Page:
-- Tucker the cat may look extraordinarily sad, but she has reason to celebrate: She's found her forever home.
A genetic abnormality left the domestic shorthair cat with perpetually droopy eyes and a sad expression.
When Tucker's story was first reported on Examiner.com last month it went viral. The feline's woebegone expression tugged at heartstrings and she was dubbed the world's saddest cat.
Adoption offers came pouring in from all over the world, Connie Gabelein, executive direct of Purrfect Pals, the nonprofit cat shelter that has cared for Tucker for a year, told ABC News in a Monday interview.
"We see a lot of cats here but she just melted the hearts of everybody. Oh, from day one," said.
Tucker was 10 months old when she came to the Arlington, Wash., shelter. Among her medical issues is a paw deformity because of missing bones in her front legs. She has an overbite and her eyes run. Her claws are set at unusual angles, and if she gets too rowdy her bones can pop out of their joints, Gabelein said.
The more difficult issue is that her skin bruises and tears very easily, so Tucker has to be dressed to remain protected.
Any potential adopter had to fully understand the situation and be able to properly care for Tucker, Gabelein said. There is no definitive diagnosis for the cat's medical condition.
On Saturday, Tucker went home with Katie Fox, a veterinary assistant from Issaquah, Wash.
"We adore every cat that comes through but she definitely stole everyone's hear here," Gabelein said of Tucker. "On the day that she was adopted I felt so bad for the adopter, because every single person at the shelter had to come in and say goodbye and hug her and -- she's such a sweet little cat."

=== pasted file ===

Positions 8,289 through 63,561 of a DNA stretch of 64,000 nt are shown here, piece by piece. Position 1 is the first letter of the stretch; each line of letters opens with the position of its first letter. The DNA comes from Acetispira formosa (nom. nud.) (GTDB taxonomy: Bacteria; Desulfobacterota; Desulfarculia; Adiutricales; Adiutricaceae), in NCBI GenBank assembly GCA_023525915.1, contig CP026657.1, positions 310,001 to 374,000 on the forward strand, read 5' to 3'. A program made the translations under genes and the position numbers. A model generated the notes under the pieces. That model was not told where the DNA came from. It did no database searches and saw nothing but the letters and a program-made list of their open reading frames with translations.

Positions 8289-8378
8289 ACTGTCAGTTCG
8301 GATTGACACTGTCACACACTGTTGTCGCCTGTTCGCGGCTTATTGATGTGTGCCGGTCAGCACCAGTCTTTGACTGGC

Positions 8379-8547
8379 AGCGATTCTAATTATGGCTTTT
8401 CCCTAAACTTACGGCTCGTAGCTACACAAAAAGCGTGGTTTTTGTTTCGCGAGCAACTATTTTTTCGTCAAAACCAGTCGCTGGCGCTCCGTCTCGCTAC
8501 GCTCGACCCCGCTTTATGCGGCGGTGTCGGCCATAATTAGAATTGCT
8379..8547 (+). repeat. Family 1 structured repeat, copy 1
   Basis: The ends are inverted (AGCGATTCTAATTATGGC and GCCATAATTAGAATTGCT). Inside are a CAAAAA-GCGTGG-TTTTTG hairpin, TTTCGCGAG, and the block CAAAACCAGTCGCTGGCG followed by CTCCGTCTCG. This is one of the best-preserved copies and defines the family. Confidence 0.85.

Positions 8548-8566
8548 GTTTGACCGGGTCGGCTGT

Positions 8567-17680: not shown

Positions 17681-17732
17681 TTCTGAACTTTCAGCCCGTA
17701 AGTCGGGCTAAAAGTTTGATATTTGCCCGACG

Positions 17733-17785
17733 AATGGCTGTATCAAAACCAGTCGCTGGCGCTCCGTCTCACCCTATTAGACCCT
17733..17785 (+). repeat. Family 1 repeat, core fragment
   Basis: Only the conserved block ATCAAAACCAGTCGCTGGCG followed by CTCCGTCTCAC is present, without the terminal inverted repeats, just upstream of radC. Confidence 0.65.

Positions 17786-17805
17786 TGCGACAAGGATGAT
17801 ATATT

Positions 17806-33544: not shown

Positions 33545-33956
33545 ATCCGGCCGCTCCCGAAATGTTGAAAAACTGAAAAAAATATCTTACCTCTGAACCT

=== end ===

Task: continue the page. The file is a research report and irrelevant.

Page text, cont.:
Fox told ABC News that Tucker has adjusted to her new home -- and her feline housemate, Poe -- without any trouble. In fact, Fox said, the two animals are now friends.
Poe, too, has symptoms similar to Tucker's; Fox said her friends joke that Poe and Tucker are long-lost siblings.
Despite Tucker's sad appearance, she's anything but, Fox noted.
"She plays with toys, she chases me and my husband ... she purrs and she cuddles, she does have genetic abnormalities, but she feels good, she is not in any pain at all, she's a very happy cat. She might look sad but she's very happy," Fox said.
Gabelein of Purrfect Pals said she hopes Tucker's popularity brings attention to the plight of shelter cats everywhere, especially those with special needs.
"We have a lot of cats here who are over the age of 10 and don't necessarily show well, they're shy, they're depressed, so it's -- yeah, the cute kittens always go first," she said. "Definitely. But there are a lot of kitties in shelters all over the world that really need homes."
As for those who can't get enough of Tucker? Stay tuned. She'll soon be getting her own Facebook page.